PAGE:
Every Silver Lining


Hey, everyone. The general reaction to the ending of Hershey Kisses and Salt Lines was, understandably, very upset! Poor little Oscar was left behind in the wake of the Winchesters fleeing a monster, and had to resign himself to life on his own in the Knight’s Inn once more.

This story is an update on the little guy’s life in the motel.

Oscar took slow breaths. He had to focus. He was getting better at this all the time, but it still only took one mistake for everything to go wrong. Two years of surviving by himself, down the drain if he got caught. He couldn’t let that happen.

Most of the smaller folk wouldn’t risk hiding in an occupied room. The risk of humans spotting them was simply too great. Even Oscar felt his heart hammering as he huddled in his hiding spot under the bed, close to the wall. A large tangle of lint and dustbunnies provided a good barricade while he waited.

The motel was more packed than it had ever been. A glimpse outside had revealed a bus in the parking lot, and seven rooms were booked out with four humans to a room. Teenagers, a whole class of them, on a trip. Their presence made waves … mostly sound waves.

Oscar had tried to check all of the new faces for a familiar one, just in case. They were all the right age. But they confirmed his doubts.

Dean wouldn’t have come with a group like this anyway.

It was far from a total loss, though. Human teenagers, left mostly to their own devices, ate a lot of food. They didn’t clean up after themselves as much, either.

Oscar would never dream of venturing near the room where most of them had gone, calling it a “party room.” But one closer to home was promising enough. Oscar instead staked out a room with four girls that had decided to watch TV and gab the evening away. He didn’t follow most of what they said, but he noticed every time they dropped some of their food. Several crumbs and even an entire potato chip lay just under the shadow of the beds, willfully ignored by the humans piled on top of the blankets.

Waiting in the room would work well. As soon as they were all asleep, Oscar could make his move. After watching each crumb fall, he wouldn’t even need to search, and he could grab all the food on his way back into the walls.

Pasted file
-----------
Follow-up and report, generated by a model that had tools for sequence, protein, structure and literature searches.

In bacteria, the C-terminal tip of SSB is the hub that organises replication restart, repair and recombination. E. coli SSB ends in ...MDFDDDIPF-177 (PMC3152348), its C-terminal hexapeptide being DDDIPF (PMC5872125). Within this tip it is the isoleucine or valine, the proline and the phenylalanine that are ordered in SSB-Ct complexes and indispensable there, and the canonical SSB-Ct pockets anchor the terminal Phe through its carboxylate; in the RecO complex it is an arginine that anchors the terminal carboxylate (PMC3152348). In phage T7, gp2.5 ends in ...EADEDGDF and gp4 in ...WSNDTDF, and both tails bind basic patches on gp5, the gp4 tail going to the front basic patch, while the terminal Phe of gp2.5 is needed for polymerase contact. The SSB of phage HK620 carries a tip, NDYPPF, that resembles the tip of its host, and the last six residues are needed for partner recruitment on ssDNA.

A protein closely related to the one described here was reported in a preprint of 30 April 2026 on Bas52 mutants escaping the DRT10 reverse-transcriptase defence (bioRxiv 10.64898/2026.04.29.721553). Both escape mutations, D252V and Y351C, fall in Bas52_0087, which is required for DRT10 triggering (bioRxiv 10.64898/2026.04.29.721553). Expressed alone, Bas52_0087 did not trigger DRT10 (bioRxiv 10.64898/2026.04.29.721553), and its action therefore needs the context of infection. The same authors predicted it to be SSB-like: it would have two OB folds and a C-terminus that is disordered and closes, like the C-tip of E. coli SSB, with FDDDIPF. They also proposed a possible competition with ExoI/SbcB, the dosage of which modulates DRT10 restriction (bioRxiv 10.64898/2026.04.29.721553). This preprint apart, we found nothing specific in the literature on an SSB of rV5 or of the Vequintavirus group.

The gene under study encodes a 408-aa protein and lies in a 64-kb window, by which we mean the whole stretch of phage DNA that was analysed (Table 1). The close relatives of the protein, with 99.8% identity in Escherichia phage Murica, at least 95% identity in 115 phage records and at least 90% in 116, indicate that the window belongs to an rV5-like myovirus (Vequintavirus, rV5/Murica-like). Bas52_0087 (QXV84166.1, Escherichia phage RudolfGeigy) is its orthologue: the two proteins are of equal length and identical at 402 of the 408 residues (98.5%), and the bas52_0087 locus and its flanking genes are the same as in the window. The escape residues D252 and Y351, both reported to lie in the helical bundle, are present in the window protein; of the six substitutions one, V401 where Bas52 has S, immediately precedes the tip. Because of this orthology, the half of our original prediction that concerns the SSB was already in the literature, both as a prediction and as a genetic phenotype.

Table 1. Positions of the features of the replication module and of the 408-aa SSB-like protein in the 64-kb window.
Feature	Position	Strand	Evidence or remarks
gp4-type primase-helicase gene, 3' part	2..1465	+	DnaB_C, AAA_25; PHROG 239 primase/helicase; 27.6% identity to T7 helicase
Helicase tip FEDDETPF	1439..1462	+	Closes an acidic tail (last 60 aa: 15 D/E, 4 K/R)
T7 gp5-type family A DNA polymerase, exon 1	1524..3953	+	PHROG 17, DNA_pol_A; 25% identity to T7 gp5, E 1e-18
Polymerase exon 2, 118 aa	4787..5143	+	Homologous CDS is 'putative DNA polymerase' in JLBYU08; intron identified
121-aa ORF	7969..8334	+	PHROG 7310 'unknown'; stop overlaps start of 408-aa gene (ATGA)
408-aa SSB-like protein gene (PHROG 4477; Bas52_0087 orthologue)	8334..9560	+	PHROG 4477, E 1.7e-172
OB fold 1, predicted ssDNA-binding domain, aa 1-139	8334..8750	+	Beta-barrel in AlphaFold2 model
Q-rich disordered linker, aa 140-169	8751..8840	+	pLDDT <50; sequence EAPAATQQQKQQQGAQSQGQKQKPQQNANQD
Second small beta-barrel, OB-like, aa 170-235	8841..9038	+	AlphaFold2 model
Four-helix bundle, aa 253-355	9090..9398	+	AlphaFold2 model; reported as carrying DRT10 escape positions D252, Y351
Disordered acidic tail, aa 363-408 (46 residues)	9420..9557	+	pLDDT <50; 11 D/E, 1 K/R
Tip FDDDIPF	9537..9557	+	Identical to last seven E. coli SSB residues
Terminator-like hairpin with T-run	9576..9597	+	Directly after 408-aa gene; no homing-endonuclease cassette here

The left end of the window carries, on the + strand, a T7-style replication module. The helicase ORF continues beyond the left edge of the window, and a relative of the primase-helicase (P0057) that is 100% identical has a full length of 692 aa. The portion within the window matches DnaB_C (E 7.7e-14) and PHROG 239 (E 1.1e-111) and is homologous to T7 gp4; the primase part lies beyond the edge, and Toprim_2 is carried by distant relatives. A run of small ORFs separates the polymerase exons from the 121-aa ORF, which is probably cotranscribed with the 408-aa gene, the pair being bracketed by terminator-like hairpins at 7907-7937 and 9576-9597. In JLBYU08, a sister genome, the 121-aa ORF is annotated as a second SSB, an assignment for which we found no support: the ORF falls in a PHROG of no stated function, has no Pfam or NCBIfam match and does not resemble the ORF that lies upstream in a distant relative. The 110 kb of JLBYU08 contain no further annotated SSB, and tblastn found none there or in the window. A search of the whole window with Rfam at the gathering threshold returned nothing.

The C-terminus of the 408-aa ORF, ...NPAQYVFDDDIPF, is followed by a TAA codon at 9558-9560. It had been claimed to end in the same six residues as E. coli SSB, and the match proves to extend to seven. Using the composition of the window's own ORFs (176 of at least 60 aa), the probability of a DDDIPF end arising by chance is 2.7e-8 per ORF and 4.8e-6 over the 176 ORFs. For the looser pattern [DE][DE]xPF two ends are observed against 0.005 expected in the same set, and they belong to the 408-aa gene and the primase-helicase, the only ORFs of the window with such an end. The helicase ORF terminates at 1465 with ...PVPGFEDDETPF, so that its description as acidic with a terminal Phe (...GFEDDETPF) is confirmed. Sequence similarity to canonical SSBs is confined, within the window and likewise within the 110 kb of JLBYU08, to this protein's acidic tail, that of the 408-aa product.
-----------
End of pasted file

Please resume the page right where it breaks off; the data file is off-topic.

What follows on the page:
The risk of being caught was always there. Oscar huddled even smaller as he imagined one of those humans kneeling down and seeing him. With four of them, it’d be easy to herd him into a corner and catch him.

They might not be nice like Dean. In fact, it was very unlikely. Dean had been a rare human indeed, with his tiny brother Sam helping him realize that smaller folk were people. Not animals or pets or toys.

These girls might not be mean to Oscar, either. He’d figured out that a lot of humans liked small, cute things. Oscar was a tiny, ten-year-old boy. He would probably become a favorite living doll, or a pet that they loved to coo at and make faces at through the bars of a cage. He drifted into thoughts of how well he might be fed in that scenario, the only light in such a bleak imagined existence.

Even for all the food he could ever want, Oscar wouldn’t want a cage.

He waited for a long time in that room. His stomach pined for the food within view. But he waited. Oscar was very used to waiting. His patience kept him huddled safely out of sight of the humans. More crumbs fell from above. The TV droned on.

When the girls finally settled into their beds and switched off the lamps, Oscar was rubbing his eyes sleepily. He waited at least thirty minutes more before moving. He had to be sure they were all asleep.

Then, he was off.

Oscar collected every last scrap. The full potato chip he tucked under his arm, it was so big. His bag actually filled up. As he scurried back to his entrance into the walls with that reassuring weight bouncing along to the rhythm of his run, his heart lifted just a little. It was probably enough food to last him several days, if not a full week.

With a life like Oscar’s, every little silver lining counted.

When he brought everything home, after not once being noticed by the humans, Oscar enjoyed himself organizing the food on his pantry shelves. He still wasn’t tall enough to reach the highest ones, but the lower shelves he could fill with crumbs and the stacked shards of the potato chip.

Once everything was put away, he picked up the piece of chip that he’d set aside for his meal for the day. His stomach thanked him profusely as he wolfed down the salty, starchy snack. His brown eyes even fluttered closed for a second. He didn’t let any of the food go to waste. The oil and salt it left on his fingers was licked clean and then Oscar went about getting ready for bed.

He washed his hands and his face from his bottle cap of water. He made sure his door was closed tightly against any bugs, and made sure no bugs had already snuck in. He peeked into his pantry one more time, to reassure himself that everything was still there.

It was, and he smiled faintly. “Good,” he breathed.

Finally, Oscar crept into the partitioned off bedroom where his nest of blankets waited invitingly. He pretended they were proud of him for doing such a good job getting supplies that night, and snuggled up under the whole pile to keep warm.

“Goodnight,” he said to the empty home. He pretended that, wherever they were, his friends heard him.

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